Twenty-two-year-old Samantha Morris is a social worker at an Alabama-based nonprofit organization who works hard to attend to the needs of men and women recently released from prison or still incarcerated. When she began her job in 2015, she declined the nonprofit’s offer to allocate a portion of her monthly wages into a 401(k) account. “At the time, I didn’t want to take money out of my paycheck every month to invest through the organization that I work for,” Morris said. However, like many young professionals anxious about their future, Morris found it prudent to save money, if possible, by investing in stocks and mutual funds.
Late last year, she discovered Stash, one of several investment phone applications that aims to “help everyone become an investor” no matter the size of one’s income. Created in October 2015, Stash welcomed whatever amount of money Morris had left in her pocket after paying for rent and utilities and promised to channel it to good causes. As a social worker and a critic of police brutality, mass incarceration and the United States’ illegal wars abroad, Morris found the titles of Stash’s funds enticing. The fund “Water the World” promises to support companies committed to efficient water usage; “Global Citizen” encourages individuals to invest as little as $5 in companies from around the world; and “Small But Mighty,” meanwhile, claims to be about “root[ing] for the little guy” — that is, backing companies that are “small, quick, nimble, and have room to grow.”
Resistance to predatory capitalism via boycotts and divestments has proved to be a viable mechanism of reform.
Before we spoke with Morris, a coworker who asked to be identified by a pseudonym in this article, she hadn’t realized that the Vanguard Group, rather than Stash, manages a number of the supposedly socially conscious funds in which her hard-earned savings were roaming. Vanguard is one of the world’s largest investment companies, managing over $3 trillion in global assets, and working with at least 20 million investors across approximately 170 countries. Morris was horrified when we told her that Vanguard’s “reliable investment approach” includes massive investments in industries that profit off of human misery and environmental destruction across the globe, including: drone warfare, weapons manufacture, Big Oil and private prisons.
By investing in the Global Citizen fund alone, Morris helped finance some of the world’s largest warfare drone manufacturing companies, namely: Boeing, Honeywell, Lockheed Martin and General Dynamics. She was also contributing to four of the most polluting and human rights violating oil companies around: BP, Halliburton, Royal Dutch Shell and Marathon Oil Corporation. She was unwittingly investing in the infamous multinational private prison provider, the GEO Group and, to complete the package, the private prison phone profiteer CenturyLink. Last but not least, Morris’ small investment stretched out to an additional set of nefarious companies, some tied to Israel’s illegal settlements and others known for restricting access to lifesaving medications and deceptive marketing practices. The following table lists the total number of shares that the Global Citizen fund holds in companies that ought to alarm any conscientious person.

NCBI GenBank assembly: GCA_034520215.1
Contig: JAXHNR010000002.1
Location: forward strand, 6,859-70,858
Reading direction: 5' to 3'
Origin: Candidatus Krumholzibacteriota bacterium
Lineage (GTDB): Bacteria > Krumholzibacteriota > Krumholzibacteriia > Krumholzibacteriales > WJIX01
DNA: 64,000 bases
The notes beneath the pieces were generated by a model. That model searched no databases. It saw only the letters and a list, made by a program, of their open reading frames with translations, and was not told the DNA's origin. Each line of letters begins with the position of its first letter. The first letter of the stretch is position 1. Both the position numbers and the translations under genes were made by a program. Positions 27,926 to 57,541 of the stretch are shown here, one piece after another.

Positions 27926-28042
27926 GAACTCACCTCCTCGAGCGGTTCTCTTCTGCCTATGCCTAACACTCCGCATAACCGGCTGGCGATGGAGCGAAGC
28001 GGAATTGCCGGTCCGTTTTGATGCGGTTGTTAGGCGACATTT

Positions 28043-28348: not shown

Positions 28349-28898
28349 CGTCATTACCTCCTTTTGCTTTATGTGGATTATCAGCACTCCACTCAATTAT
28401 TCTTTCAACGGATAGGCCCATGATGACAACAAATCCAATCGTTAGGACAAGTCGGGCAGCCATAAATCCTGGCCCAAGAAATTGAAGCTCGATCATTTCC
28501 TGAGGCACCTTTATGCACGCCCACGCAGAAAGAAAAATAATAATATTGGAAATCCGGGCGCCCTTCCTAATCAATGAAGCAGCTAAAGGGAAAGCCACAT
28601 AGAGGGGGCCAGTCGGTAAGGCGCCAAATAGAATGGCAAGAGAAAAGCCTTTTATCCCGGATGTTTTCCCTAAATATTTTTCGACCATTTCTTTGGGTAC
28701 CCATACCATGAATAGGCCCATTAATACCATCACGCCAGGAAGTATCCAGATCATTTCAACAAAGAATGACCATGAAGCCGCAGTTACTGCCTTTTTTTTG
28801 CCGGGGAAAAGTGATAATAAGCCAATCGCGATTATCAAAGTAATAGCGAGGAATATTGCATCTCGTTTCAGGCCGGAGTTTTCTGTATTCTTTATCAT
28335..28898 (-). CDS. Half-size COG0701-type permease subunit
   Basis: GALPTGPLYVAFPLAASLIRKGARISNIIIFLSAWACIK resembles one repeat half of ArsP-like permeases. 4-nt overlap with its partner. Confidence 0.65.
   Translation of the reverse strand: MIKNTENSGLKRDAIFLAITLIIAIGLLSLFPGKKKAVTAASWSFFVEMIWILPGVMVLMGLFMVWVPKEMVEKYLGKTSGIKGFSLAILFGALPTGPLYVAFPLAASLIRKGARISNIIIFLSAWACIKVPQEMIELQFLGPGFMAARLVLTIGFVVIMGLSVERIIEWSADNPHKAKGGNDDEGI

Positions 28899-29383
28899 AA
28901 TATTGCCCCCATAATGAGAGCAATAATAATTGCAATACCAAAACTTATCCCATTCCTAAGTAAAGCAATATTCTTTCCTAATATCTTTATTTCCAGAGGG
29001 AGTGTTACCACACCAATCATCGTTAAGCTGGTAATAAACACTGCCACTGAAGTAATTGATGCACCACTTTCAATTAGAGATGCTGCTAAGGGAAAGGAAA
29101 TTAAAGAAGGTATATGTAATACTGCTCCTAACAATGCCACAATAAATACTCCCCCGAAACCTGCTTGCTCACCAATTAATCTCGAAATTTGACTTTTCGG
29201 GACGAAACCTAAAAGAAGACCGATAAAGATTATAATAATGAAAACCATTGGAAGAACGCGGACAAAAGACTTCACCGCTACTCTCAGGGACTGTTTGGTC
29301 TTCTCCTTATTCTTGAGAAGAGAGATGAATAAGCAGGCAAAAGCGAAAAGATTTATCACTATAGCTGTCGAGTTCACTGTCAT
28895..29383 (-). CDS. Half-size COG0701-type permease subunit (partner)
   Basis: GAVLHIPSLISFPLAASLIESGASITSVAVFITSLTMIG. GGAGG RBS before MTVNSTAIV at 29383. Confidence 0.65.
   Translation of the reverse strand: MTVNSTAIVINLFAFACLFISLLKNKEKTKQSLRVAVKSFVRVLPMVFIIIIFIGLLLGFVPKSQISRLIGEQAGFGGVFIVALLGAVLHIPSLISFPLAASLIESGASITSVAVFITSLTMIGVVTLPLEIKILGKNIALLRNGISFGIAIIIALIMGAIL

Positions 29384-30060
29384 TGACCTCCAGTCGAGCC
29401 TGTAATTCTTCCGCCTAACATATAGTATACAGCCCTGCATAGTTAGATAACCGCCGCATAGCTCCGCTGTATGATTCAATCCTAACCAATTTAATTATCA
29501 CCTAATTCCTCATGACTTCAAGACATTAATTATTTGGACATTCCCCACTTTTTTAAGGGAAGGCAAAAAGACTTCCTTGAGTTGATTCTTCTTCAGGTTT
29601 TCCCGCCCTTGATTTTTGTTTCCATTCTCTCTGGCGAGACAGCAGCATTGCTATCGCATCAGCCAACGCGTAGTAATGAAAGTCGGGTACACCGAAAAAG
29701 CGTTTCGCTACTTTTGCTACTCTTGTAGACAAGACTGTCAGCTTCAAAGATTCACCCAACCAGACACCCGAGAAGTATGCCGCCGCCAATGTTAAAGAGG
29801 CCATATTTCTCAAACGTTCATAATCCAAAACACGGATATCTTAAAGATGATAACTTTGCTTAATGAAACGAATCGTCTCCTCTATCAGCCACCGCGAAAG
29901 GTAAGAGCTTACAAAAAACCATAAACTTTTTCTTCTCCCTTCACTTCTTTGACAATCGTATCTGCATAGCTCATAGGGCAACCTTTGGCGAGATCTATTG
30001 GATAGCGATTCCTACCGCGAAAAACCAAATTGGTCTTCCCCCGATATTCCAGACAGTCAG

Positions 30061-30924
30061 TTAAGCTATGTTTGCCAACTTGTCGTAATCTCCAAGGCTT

Table 1: “Global Citizen” Fund
Morris has since pulled her money out of all Vanguard-managed funds. She is not alone. In the post-1960s era of finance capital, conscientious people around the world have been increasingly resisting the alienated-investor-as-global-citizen model by boycotting basic commodities and institutions of various sorts. With fossil fuel divestment campaigns spreading throughout various university campuses, and, of course, the boycott, divestment and sanctions (BDS) movement exposing corporate ties to Israel’s mass displacement and bombings of Palestinian civilians in unprecedented ways, resistance to predatory capitalism via boycotts and divestments has proved to be a viable mechanism of reform.
The corporate response to this growing movement has come swiftly and has relied on philanthropy and the opaqueness of speculative capital. The result: We are, today, invited to rescue the destitute “other” and the environment, though as consumers and investors only. Yet, the success of this philanthropic mission depends on our willingness to consume (and invest), if possible conspicuously and without guilt; to suspend our concerns with systemic violence (e.g. uncompensated labor and environmental destruction); and to accept our unawareness of where the profits accrued via our investments come from.